70 years after World War II, Dutch families show they have never forgotten their liberators. Each grave in the American cemetery has a waiting list of families to care for it

They haven’t forgotten. For 70 years, the Dutch have come to a verdant U.S. cemetery outside this small village to care for the graves of Americans killed in World War II.
On Sunday, they came again, bearing
Memorial Day bouquets for men and women they never knew, but whose 8,300 headstones the people of the Netherlands have adopted as their own.
For the American relatives of the fallen, it was an outpouring of gratitude almost as stunning as the rows of white marble crosses and Jewish Stars of David at the Netherlands American Cemetery. Each grave has been adopted by a Dutch or, in some cases, Belgian or German family, as well as local schools, companies and military organizations. More than 100 people are on a waiting list to become caretakers.
At the cemetery’s annual commemoration, 6,000 people poured onto the 65-acre burial grounds just a few miles from the German border, including scores of descendants of American war dead who had traveled here from all over the United States. They were eager to pay tribute to parents or grandparents who had died to defeat the Nazis. But they also wanted to thank the Dutch families who had been tending the graves of their loved ones, often passing the responsibility from one generation to the next.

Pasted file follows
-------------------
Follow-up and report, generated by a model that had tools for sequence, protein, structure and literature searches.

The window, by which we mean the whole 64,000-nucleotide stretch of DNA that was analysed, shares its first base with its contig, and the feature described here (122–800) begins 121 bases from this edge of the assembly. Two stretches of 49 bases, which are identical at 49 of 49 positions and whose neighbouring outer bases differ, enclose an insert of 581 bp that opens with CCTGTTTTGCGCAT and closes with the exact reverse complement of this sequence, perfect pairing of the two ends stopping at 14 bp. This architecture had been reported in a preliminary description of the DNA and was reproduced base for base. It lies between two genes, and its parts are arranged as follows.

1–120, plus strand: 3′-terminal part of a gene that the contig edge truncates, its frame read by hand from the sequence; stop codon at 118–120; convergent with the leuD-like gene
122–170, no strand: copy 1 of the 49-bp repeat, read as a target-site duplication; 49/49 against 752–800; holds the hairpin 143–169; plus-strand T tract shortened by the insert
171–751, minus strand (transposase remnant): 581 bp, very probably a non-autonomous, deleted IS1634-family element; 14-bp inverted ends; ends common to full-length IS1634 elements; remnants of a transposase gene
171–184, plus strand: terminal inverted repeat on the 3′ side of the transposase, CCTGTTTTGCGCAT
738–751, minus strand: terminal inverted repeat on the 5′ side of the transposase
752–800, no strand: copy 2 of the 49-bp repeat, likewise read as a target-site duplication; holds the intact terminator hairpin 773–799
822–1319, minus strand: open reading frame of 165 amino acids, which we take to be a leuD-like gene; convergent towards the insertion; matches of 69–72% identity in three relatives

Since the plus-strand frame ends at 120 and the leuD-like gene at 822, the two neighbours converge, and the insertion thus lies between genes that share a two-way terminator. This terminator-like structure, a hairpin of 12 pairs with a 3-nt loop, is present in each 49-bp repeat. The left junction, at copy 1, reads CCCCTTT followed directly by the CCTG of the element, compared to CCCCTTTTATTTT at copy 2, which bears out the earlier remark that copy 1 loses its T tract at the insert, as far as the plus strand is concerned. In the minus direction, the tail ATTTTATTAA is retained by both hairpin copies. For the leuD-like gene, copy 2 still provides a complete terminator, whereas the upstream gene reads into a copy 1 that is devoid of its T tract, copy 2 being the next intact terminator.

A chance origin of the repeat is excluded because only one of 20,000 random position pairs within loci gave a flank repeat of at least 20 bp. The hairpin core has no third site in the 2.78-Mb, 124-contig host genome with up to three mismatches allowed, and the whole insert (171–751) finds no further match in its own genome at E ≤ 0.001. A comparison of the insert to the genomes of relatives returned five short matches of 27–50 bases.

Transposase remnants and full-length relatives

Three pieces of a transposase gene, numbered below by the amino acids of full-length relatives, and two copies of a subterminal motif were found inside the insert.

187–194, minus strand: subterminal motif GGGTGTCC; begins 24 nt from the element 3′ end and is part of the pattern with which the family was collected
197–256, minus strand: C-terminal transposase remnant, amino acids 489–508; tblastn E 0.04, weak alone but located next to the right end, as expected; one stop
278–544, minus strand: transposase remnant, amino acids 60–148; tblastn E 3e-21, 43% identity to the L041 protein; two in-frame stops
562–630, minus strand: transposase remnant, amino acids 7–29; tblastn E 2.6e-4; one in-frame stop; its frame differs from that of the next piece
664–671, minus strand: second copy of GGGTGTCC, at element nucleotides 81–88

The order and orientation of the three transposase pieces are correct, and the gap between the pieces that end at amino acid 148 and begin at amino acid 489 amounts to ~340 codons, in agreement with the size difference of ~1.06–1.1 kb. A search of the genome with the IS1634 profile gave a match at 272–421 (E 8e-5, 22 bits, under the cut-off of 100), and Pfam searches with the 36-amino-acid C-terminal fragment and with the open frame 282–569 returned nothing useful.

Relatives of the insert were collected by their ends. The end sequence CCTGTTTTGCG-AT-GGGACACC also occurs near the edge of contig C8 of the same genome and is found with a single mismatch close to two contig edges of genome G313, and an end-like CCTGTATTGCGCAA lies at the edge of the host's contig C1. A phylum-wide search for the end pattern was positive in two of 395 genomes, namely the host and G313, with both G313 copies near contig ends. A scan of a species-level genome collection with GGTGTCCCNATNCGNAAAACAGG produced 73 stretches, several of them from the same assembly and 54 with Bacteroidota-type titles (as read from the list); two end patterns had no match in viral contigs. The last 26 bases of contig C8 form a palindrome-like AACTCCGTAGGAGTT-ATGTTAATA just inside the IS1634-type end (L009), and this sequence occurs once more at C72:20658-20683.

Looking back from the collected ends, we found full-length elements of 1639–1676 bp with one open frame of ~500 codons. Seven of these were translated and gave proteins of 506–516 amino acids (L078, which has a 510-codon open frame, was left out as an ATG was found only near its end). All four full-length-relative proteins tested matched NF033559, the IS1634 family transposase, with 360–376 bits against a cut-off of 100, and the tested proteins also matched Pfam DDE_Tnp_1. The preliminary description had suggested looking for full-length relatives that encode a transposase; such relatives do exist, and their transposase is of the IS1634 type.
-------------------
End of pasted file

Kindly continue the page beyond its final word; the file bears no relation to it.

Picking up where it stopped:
For Arthur Chotin, 70, who had come from Annapolis, Md., to finally meet the couple caring for his father’s resting place, the devotion of the Dutch was a source of awe.
“What would cause a nation recovering from losses and trauma of their own to adopt the sons and daughters of another nation?” asked Chotin, the only American descendant to speak on Sunday. “And what would keep that commitment alive for all of these years, when the memory of that war has begun to fade? It is a unique occurrence in the history of civilization.”
On the site of an orchard
The bodies arrived in a procession of trucks and trailers. Everyone in Margraten could smell the death.
It was November 1944, two months after the village’s 1,500 residents had been freed from Nazi occupation by the U.S. 30th Infantry Division.
But the war wasn’t over. In late 1944 and early 1945, thousands of American soldiers would be killed in nearby battles trying to pierce the German defense lines. Booby-traps and heavy artillery fire, combined with a ferocious winter, dealt major setbacks to the Allies, who had already suffered losses trying to capture strategic Dutch bridges crossing into Germany during the ill-fated Operation Market Garden.
Now, the U.S. military needed a place to bury its fallen.
The Americans ultimately picked a fruit orchard just outside Margraten. On the first day of digging, the sight of so many bodies made the men in the 611th Quartermaster Graves Registration Company ill.
“They looked and looked,” wrote Joseph Shomon, the commanding officer of the 611th, in “Crosses in the Wind,” a 1947 memoir, “then suddenly, a few made a break for the latrine.”
Right from the start, Margraten embraced the Americans.
The town’s mayor invited the company’s commanders to sleep in his home, while the enlisted men slept in the schools — welcome protection against rain and buzz bombs. Later, villagers hosted U.S. troops when the men were given rest-and-recuperation breaks from trying to breach the German frontier defenses, known as the Siegfried Line.